Alien revolves around these topics with the same fluid tracking shots that it uses to move through the Nostromo, and as much as I admire Scott's decision to leave science fiction after this and Blade Runner after guessing he could go no farther in the genre -- and thus far, no one else has really exceeded what he did with those two films -- I do so wish he'd made more space films. Rarely have I felt a chill run down my spine so disturbingly as I have when watching the captain, just before going to his death, asking the ship supercomputer, MU-TH-UR, "What are my chances?" After a brief moment, the screen returns with its reply: "Does not compute." In the intervening decades, Scott has proven himself to be anything but a master, connecting only occasionally, and often only with alternate cuts that never even hit theaters. Yet Alien is undeniably a masterpiece, one of those films that meets neatly at the nexus of genre entertainment and artistic endeavor, and whether those who enjoy it today do so for its ambition and vision or for the simply glee of its lasting scares, they're not missing the point.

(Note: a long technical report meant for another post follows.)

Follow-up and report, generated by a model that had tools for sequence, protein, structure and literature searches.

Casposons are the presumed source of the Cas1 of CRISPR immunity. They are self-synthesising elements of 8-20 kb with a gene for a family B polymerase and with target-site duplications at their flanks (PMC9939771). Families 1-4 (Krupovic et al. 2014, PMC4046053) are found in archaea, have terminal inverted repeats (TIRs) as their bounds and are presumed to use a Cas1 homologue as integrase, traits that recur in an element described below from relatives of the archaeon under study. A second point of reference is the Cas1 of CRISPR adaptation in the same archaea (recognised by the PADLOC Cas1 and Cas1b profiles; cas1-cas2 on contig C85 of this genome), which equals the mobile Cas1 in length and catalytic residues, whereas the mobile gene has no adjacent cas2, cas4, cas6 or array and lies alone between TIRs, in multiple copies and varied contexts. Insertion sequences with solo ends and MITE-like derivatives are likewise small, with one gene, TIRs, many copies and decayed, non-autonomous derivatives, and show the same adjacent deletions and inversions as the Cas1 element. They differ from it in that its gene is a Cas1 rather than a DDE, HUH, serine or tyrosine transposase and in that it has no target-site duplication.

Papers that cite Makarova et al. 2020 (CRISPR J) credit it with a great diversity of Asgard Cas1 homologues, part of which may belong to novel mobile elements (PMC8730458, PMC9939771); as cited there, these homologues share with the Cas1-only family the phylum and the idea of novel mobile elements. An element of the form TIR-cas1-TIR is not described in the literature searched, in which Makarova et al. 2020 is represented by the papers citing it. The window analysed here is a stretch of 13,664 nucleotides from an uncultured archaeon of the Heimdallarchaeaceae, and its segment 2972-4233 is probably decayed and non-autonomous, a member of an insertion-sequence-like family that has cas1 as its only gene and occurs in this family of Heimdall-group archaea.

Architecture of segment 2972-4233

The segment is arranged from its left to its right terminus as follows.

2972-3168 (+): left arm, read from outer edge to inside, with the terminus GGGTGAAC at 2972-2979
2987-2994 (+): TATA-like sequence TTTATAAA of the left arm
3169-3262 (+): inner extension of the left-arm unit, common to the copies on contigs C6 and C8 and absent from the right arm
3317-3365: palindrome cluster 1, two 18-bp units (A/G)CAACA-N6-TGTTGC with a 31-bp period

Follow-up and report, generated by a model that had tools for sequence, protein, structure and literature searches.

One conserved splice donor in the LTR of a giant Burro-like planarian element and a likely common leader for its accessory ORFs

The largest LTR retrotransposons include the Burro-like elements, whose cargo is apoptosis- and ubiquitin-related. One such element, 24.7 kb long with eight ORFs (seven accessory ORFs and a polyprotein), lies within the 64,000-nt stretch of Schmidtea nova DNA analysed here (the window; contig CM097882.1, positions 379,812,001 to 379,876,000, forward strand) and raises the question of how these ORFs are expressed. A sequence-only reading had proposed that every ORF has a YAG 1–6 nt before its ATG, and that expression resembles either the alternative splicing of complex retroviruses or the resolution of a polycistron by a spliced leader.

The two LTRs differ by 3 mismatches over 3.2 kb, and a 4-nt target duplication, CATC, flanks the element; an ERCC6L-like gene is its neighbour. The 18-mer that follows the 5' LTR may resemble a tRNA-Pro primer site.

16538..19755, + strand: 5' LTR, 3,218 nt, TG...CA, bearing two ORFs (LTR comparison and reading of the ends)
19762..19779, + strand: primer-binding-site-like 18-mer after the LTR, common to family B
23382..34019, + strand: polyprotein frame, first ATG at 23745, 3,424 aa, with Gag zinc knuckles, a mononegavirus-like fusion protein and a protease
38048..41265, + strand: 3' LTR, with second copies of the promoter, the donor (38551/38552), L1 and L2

*Addendum: I wanted to work this into the review proper, but I have such love for the marketing campaign that went into this film that I feel it should be its own separate thread. Today, the film's trailer is almost universally recognized as the greatest preview of all time. In the late '70s, films still often came packaged in the old-school way that went obsessively into detail in trailers, not so much about plot -- that came later when audiences seemed to react so viscerally against being surprised that the industry catered to their wishes to basically know the movie before seeing it -- but in the endless parade of sales pitches. Watch the original Star Wars trailer and listen to a flat voice drone endlessly about "a big, sprawling space opera of rebellion and romance," speaking about a raucous adventure with all the conviction of a police officer reading aloud the traffic report in court. The Alien trailer has no voiceover, not even dialogue from the film. This is old-hat today (the Coen brothers even did a funny version to advertise A Serious Man), but the crafting of the preview solely through the diegetic sounds of the film's atmosphere -- the echoing klaxon, the hissing stem, the shrieking cat -- gradually mounting until it becomes a horror film in miniature, is savagely brilliant and deeply ahead of its time. Then, of course, there is the matter of the tagline, "In space, no one can hear you scream." I would give that tagline the Nobel Prize for Literature. I am the sort of person who hates marketing. I hate trailers that give too much away, or that contain the distillation of a great idea that excites me for a full product that doesn't deliver (oh, Watchmen trailer, how you lied to me), but every now and then someone puts some thought behind how they sell a movie, and the results can be as engaging as the final product. Alien is one of a handful to get it completely right.